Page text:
Limits To Growth – The Global Shortage of Sand

I wrote previously that The Club of Rome sponsored a report by MIT in 1972 titled “The Limits to Growth”, which found that earth’s non-renewable resources can support a global population of about 6 billion. The focus was on tracking and modeling the extent to which population, food production, depletion of resources, pollution, and industrialization would cause declines in many aspects of human civilization including economic growth, population numbers, and quality of life.

It did not consider the multiplying affects of climate change.

Beach Sand Mining - Madagascar

Beach Sand Mining – Madagascar

The authors were predicting a significant change to global humanity in the 2015 – 2020 timeframe. Forty years later the their forecast is lining up with the current ecological overshoot problems we are facing as a result of 7 billion voracious human inhabitants.  I like the term “Peak People” to define this situation.

An interesting and illustrative symptom of Peak People is the worldwide shortage of sand. Who would have guessed this was a problem? (interesting movie on the topic, and a great U.N. piece here.) Sand suitable for cement production, hydraulic fracking and other construction is now becoming scarce. In many developing countries the problem is so severe that sand is being removed from beaches and coastal waters to support infrastructure development rather than to support tourist and pleasure industries. (with enormous environmental and habitat damage) In Dubai, sand from Australia was barged in to provide the correct type of beach-quality sand, as the plentiful desert sand found there is lightweight silt that blows away with the slightest breeze and is not easily usable for cement construction, let alone beaches.

Global cement prodVarious types of sand were generally thought to be in large supply. Silica, which is used to manufacture silicon for semiconductor chips and crystalline solar cells, was thought be in inexhaustible supply, as its root element, Silicon, is the second most abundant element in the earth’s crust. But large scale damming of rivers blocked the natural flow of silica-rich sand from the mountainous regions, and when combined with growing global industrial demand, has resulted in the drying up of accessible low cost supply. Consequently there is a mining boom in full gear globally to strip the last known silica sand quarries as well as hoard construction quality sand. A good example of the latter is the boom taking place in the upper Midwest United States, where most of the output is supporting the oil and gas industry fracking boom.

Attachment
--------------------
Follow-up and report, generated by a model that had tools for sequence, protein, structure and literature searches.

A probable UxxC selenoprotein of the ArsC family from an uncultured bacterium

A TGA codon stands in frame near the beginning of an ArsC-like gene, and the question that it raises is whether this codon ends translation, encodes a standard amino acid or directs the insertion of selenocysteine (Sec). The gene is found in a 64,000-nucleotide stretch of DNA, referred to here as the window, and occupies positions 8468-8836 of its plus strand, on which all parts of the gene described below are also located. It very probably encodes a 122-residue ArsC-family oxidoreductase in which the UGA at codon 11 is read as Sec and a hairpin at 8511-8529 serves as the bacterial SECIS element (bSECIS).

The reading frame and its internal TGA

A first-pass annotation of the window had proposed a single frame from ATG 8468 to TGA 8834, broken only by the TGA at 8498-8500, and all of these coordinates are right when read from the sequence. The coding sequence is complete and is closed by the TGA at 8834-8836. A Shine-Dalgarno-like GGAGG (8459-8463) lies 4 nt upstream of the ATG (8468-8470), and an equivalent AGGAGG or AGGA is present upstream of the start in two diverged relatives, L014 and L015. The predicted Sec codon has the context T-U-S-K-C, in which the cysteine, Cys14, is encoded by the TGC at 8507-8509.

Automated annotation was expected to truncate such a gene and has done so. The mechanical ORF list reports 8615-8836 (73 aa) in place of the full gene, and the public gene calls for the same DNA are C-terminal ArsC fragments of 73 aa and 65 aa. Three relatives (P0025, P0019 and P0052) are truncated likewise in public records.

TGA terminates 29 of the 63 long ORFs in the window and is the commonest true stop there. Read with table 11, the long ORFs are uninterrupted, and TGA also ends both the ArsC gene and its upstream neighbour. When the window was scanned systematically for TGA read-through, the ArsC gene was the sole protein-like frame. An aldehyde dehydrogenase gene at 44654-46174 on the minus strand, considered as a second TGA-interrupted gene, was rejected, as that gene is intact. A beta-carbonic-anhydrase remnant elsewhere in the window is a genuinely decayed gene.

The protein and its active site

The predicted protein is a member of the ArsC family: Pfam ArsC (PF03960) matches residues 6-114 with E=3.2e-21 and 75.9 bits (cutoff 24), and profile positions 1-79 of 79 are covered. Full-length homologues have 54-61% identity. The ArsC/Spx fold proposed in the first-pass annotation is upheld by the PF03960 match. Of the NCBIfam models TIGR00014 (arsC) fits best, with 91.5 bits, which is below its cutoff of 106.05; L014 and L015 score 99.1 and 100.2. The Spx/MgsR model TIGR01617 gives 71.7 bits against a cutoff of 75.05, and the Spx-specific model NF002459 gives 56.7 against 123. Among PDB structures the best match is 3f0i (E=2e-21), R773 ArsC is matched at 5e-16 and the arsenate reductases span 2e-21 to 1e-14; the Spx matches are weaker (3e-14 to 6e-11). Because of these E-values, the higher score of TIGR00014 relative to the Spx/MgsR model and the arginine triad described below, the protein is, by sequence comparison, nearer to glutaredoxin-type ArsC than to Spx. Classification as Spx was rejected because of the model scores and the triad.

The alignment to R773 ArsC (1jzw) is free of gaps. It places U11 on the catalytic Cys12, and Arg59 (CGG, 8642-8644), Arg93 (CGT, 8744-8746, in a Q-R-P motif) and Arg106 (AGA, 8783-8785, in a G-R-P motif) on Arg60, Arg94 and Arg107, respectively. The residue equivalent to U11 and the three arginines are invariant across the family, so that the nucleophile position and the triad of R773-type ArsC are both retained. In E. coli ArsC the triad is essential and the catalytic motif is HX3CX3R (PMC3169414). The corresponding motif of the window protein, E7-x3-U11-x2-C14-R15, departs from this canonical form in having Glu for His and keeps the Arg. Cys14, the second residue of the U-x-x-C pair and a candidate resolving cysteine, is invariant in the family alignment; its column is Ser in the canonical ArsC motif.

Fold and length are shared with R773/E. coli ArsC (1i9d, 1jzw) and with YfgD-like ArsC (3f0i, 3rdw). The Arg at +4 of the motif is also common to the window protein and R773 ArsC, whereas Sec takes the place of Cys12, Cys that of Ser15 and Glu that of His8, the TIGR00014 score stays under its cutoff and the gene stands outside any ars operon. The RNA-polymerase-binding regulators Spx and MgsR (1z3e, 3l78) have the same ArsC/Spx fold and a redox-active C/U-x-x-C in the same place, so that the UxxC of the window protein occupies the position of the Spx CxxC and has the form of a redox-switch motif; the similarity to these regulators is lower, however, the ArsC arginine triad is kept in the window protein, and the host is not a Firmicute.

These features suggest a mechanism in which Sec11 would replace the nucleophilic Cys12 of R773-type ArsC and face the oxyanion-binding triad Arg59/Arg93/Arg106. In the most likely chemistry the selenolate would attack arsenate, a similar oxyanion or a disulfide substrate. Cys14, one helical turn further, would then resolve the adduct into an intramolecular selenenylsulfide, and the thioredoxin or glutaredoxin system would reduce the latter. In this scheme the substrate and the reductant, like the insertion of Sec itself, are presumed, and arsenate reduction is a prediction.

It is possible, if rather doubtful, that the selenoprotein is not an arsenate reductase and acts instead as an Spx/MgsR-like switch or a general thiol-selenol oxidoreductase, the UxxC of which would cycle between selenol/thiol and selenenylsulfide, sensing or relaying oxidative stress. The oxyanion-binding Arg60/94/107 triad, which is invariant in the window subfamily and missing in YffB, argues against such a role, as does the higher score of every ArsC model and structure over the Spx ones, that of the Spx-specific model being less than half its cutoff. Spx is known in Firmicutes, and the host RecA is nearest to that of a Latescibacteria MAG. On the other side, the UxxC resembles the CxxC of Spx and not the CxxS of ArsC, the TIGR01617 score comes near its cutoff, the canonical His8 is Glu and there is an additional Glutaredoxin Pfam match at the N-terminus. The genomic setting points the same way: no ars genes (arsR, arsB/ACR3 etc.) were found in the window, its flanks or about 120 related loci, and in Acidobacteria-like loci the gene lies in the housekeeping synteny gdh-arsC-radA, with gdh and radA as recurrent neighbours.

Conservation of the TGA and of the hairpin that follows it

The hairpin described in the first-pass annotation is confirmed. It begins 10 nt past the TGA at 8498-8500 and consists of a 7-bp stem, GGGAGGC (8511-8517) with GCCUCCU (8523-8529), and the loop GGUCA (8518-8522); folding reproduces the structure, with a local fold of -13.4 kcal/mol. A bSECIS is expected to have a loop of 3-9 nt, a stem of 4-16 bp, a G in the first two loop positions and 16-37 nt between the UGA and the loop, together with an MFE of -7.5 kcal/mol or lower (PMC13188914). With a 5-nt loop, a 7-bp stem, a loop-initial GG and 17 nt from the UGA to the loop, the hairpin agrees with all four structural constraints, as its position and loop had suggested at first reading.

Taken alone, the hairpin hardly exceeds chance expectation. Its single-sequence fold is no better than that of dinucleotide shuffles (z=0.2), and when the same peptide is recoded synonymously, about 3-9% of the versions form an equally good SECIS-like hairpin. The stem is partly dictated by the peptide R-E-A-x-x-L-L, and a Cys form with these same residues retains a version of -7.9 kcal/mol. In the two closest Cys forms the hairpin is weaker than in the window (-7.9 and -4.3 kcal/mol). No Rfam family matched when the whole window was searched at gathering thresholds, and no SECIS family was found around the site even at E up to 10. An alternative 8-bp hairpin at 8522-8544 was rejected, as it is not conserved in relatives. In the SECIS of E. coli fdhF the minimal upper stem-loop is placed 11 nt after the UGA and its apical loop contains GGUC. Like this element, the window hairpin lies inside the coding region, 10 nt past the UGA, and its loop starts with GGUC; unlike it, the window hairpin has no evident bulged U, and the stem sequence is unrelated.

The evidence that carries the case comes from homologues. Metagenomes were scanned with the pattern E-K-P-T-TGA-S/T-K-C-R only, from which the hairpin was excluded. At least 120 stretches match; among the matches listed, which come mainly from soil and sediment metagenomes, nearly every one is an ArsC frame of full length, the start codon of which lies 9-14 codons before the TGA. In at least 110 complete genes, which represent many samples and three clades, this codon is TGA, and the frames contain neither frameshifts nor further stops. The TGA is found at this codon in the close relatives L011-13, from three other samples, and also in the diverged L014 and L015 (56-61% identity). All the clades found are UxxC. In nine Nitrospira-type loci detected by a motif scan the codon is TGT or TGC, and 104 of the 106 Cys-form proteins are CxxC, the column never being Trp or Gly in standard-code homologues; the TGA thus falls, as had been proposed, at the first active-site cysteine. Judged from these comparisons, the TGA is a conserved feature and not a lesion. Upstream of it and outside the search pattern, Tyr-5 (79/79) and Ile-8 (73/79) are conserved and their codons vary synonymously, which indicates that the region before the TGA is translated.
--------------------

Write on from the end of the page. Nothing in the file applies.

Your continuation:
While I have always viewed Peak People from the agricultural, water, climate change, and biodiversity lens, the depletion of sand due to human activity was more than surprising and it’s another validation of The Limits to Growth thesis on resource depletion. Up until recently, technology has delayed the impact of over population especially in agriculture but I believe it will require hyper-accelerated innovation and new classes of material science to continue the current “business as usual approach“.

How do we transition to a sustainable and stable civilization that leverages the limitless human creative and technological capacity that is responsible for the quality of life we currently enjoy?

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